What other schools did you look at and why did you ultimately pick Bowdoin?

I spoke to Middlebury, Amherst, and Davidson, but ultimately chose Bowdoin because it had the best team atmosphere and coaching staff. A huge part of my decision had to do with the relationship I developed with Bowdoin’s coaches during the recruiting process. They’re awesome people and I respect them a lot. Bowdoin’s Maine coastal location was also a deciding factor.


What were some of the adjustments you had to make to successfully transition from club to collegiate ball?

At FC, almost all the girls’ teams play a similar, fast-paced, complex passing game. It was impressive to watch, especially when we were all on our game. The quick passing game we played at FC continued regardless of who our coach was because I think players, coaches, and the club support the fact that it’s the most effective way to find success, especially playing in a typical 4-3-3.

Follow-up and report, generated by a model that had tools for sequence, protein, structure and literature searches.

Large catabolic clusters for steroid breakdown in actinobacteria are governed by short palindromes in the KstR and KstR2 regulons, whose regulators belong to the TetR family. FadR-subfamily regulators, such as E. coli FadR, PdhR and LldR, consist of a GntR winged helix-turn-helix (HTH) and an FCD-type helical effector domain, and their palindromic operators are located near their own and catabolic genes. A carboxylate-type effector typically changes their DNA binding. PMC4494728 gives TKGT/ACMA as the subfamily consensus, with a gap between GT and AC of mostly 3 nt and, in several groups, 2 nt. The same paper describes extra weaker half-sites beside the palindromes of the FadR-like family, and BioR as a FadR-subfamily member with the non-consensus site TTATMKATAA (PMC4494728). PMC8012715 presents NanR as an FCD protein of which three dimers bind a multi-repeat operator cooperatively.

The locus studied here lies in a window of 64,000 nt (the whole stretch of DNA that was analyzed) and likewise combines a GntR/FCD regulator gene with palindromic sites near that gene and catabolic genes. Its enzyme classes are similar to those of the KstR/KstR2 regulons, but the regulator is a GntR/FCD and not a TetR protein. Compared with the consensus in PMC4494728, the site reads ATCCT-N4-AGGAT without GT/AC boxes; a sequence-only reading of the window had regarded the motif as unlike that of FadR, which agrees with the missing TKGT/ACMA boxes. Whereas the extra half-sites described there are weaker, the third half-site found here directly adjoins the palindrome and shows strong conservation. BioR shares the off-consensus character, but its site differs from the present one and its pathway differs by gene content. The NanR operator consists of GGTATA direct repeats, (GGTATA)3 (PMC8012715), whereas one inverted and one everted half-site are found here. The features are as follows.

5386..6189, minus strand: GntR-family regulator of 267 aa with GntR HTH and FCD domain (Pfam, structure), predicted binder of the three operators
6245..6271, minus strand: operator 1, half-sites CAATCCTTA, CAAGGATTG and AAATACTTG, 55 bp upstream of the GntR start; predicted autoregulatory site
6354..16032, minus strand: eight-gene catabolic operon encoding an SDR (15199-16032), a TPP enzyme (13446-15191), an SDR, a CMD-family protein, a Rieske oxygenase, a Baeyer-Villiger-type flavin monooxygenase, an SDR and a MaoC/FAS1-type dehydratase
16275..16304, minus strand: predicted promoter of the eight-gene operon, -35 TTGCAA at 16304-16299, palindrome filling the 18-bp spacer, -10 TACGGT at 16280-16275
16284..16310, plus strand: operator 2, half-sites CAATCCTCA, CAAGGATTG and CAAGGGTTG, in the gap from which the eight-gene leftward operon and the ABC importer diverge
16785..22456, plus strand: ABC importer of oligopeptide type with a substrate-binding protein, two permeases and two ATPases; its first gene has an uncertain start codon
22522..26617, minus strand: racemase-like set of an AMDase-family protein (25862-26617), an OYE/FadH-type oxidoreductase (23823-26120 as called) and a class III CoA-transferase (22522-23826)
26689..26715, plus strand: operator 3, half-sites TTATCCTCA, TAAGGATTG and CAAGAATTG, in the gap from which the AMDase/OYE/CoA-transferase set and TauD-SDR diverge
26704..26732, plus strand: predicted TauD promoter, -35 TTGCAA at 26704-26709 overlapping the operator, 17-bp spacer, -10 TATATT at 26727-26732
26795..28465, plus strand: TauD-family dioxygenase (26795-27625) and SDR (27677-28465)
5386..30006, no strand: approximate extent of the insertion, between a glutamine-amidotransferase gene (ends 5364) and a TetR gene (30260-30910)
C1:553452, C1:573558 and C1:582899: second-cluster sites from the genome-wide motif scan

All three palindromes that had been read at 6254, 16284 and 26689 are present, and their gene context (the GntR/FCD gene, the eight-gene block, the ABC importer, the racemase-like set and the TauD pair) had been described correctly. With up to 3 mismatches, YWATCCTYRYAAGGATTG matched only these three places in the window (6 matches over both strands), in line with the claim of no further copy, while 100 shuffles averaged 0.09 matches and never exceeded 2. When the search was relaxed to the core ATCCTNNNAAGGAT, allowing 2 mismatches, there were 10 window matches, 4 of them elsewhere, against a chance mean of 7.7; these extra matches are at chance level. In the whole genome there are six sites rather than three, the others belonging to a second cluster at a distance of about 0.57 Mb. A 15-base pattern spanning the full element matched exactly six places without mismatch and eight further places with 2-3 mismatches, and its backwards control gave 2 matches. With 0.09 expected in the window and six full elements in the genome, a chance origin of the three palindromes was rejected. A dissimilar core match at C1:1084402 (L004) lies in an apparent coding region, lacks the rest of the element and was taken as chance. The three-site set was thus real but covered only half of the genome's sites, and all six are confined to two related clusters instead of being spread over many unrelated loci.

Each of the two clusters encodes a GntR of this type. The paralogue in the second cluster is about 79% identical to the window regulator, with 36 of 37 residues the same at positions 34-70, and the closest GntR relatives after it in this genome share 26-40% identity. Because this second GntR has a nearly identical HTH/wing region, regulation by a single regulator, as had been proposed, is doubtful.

At Bowdoin, we play in a 4-4-2, which was the first big difference I had to acclimate to. Our coach likes the idea of us playing a big, spread out passing game, that I personally, and most of the other players, are relatively unfamiliar with because we came from clubs with similar style philosophies to FCs. The other big adjustment I had to make was playing for a female coach. I think most youth soccer coaches are male, which I personally have no problem with, but playing for Bowdoin’s female coaches took some adjusting to. Everything about the way men and women coach is different: the way they talk to players, the way they view the game, the way they present problems they see in the game, and the level of intensity they openly exhibit. Also, I quickly learned that I needed to hit the gym. You don’t realize it just by looking at them, but a lot of female soccer players in the NESCAC are totally “jacked”. They’re incredibly strong and take lifting—something I’d never really done—very seriously. Being 5’9” and 135 pounds coming into the season made me appear somewhat of a “human noodle” on the field. The “freshman fifteen” is very real, but in my case, it came for a very good reason.